Meanwhile the NHS Partners Network (a trade association for independent sector providers of NHS services) is gearing up to assist Transformation areas to ‘supplement publicly available capital funding with external investment’ (in other word, more extortionate PFI).
New models for NHS provision
The major STPs are expected to cut spending is through implementing ‘new models’ of care that are set out by Simon Stevens in NHS England’s Five Year Forward View(7) (5YFV). When campaigners ask for the research or clinical evidence to back these models, they are pointed to the existence of ‘Vanguard’ pilots of these new models of care – even though these were only agreed in April 2015 and have barely begun their work, let alone been evaluated.
One ‘new model’ talked up by Simon Stevens and Jeremy Hunt involves reducing demand for hospital beds by substituting digital monitoring and healthcare visits at home. Never mind that England has fewer beds than any comparable economy: Germany has 9 hospital beds per 1,000 population compared with 3 per 1,000 in England. Never mind the absence of any valid clinical evidence for this model, or that it means thousands of carers – predominantly women – having to care for sick family members at home. This model offers a quick win on all fronts for STP planners: implement the model set out in the 5YFV, ‘delete’ a few local hospitals and ‘replace’ the beds with ‘hospital at home’ services from a valued private ‘partner’.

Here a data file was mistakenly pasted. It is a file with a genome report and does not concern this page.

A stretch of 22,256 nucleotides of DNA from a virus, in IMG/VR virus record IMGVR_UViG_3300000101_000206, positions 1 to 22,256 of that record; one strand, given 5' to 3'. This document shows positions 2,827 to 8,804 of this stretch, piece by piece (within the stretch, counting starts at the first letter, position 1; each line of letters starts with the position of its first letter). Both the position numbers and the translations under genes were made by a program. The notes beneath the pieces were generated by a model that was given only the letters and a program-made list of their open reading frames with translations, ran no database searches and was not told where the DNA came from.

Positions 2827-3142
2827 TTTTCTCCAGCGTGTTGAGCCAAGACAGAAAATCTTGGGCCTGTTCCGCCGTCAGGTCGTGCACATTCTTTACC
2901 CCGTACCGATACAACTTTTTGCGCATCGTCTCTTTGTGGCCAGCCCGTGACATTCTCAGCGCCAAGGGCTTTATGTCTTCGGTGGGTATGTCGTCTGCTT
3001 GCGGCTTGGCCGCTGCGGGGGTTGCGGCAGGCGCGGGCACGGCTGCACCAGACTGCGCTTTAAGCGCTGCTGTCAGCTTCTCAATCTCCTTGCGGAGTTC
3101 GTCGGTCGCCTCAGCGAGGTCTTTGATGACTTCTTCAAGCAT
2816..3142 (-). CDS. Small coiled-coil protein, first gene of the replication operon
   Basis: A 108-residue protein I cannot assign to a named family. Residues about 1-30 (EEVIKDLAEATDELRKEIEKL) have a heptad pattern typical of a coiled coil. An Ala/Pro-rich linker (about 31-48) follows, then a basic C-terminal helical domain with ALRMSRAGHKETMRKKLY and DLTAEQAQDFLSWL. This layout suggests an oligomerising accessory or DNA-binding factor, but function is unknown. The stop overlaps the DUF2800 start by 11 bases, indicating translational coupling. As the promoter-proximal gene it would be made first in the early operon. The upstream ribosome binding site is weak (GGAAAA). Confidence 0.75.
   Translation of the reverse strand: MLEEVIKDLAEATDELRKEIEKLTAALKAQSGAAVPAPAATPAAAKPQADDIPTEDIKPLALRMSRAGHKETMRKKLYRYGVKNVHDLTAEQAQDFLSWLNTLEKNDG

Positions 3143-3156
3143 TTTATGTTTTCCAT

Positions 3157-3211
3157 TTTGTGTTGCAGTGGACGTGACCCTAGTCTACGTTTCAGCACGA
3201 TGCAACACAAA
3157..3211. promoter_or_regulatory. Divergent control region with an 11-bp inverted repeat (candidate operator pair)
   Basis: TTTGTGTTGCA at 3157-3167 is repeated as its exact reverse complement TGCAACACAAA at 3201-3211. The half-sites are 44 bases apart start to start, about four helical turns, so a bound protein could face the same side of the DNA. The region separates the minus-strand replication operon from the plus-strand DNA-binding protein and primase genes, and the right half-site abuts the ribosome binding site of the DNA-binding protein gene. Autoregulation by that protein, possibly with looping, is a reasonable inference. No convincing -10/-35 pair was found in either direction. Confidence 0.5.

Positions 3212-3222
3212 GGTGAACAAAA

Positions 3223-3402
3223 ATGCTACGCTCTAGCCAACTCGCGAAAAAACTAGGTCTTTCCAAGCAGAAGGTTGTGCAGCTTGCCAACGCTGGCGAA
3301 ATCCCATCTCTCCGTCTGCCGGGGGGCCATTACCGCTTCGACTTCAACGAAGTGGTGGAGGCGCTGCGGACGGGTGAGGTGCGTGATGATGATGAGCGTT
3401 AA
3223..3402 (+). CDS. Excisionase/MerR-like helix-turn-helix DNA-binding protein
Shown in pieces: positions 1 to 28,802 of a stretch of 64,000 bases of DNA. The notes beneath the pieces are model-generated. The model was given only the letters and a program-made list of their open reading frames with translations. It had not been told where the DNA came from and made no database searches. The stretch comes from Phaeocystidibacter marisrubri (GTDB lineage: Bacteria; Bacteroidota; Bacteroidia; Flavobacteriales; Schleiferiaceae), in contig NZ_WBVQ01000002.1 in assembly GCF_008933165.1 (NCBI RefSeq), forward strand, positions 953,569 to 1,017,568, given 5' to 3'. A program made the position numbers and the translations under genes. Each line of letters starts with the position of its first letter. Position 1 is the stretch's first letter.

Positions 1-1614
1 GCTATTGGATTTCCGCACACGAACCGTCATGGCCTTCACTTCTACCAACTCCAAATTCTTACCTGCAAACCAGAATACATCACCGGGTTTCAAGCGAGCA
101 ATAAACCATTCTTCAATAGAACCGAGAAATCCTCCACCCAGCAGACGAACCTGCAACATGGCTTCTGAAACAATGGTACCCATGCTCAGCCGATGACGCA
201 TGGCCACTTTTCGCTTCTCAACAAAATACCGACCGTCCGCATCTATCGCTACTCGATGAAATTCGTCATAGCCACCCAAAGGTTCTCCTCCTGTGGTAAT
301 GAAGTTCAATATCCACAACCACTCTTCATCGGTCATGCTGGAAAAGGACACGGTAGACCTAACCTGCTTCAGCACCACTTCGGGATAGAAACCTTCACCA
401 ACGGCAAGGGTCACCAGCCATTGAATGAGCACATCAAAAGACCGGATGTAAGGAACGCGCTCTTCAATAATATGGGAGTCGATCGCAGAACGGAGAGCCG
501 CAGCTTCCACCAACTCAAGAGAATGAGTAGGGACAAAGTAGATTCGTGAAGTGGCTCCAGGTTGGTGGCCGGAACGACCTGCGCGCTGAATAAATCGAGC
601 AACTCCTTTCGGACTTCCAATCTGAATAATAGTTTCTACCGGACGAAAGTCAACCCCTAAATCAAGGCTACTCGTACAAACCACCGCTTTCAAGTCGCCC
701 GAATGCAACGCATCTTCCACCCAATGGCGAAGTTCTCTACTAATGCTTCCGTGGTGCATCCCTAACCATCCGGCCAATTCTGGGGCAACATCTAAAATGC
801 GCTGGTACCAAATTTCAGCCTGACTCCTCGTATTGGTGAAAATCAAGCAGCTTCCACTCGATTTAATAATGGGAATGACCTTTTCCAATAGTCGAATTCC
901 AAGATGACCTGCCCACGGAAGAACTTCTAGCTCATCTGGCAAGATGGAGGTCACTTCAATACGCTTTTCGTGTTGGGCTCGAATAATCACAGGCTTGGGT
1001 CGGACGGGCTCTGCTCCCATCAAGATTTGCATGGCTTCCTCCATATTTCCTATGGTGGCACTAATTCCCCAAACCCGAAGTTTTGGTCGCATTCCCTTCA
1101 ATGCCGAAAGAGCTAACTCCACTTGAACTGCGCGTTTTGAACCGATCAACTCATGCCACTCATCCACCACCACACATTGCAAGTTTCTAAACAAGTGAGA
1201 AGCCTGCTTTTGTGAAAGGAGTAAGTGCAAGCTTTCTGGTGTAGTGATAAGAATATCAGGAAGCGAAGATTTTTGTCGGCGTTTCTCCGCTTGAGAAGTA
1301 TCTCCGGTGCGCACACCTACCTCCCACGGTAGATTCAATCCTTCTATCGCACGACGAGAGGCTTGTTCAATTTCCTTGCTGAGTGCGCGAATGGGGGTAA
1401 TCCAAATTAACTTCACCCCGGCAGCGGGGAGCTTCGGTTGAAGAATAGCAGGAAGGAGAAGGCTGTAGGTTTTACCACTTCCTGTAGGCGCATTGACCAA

STPs are also expected to develop urgent care services. What this actually means is the downgrade of full Accident and Emergency services at many hospitals. When hospitals lose their A&Es, they lose equipment, skills , training opportunities, and other services vital to the long-term survival of our local hospitals in any form we would recognise. Increasingly, patients will have to travel much further to access services.
Stevens’ new model for GP services includes retraining reception staff for new roles, including triage, gatekeeping access to GPs and referring many patients on to other staff or services. It’s expected that GP assistants -who are not qualified doctors – will also see many of the patients.
The NHS market continues to flourish
Private providers are flourishing. For the time being, the main emphasis is likely to be on corporates involved as ‘NHS Partners’ in providing consultancy to develop the STPs, preparing the new ‘surplus’ NHS property portfolio for sale and providing ‘back-office’ services for a range of services in the area. Once the STPs have been agreed, corporates will be in a strong position to provide ‘commissioning support’ for the new, cost-cutting models of care.
Moving services out of hospital and integration with social care creates huge opportunities for providers to deliver services with cheaper non-clinical staff, and to relabel these services as – chargeable – social care. There are huge opportunities too, to sell us home-based digital monitoring products as substitutes for hospital care.
Already, the private providers trade group NHS Partners boasts they are: ‘delivering mobile capacity across diagnostic and treatment areas’, ‘providing clinical home healthcare and care home capacity to support patient discharge and avoid unnecessary hospital admissions’, and ‘offering management and strategic capacity, as well as procurement and planning skills needed to develop STPs’(8).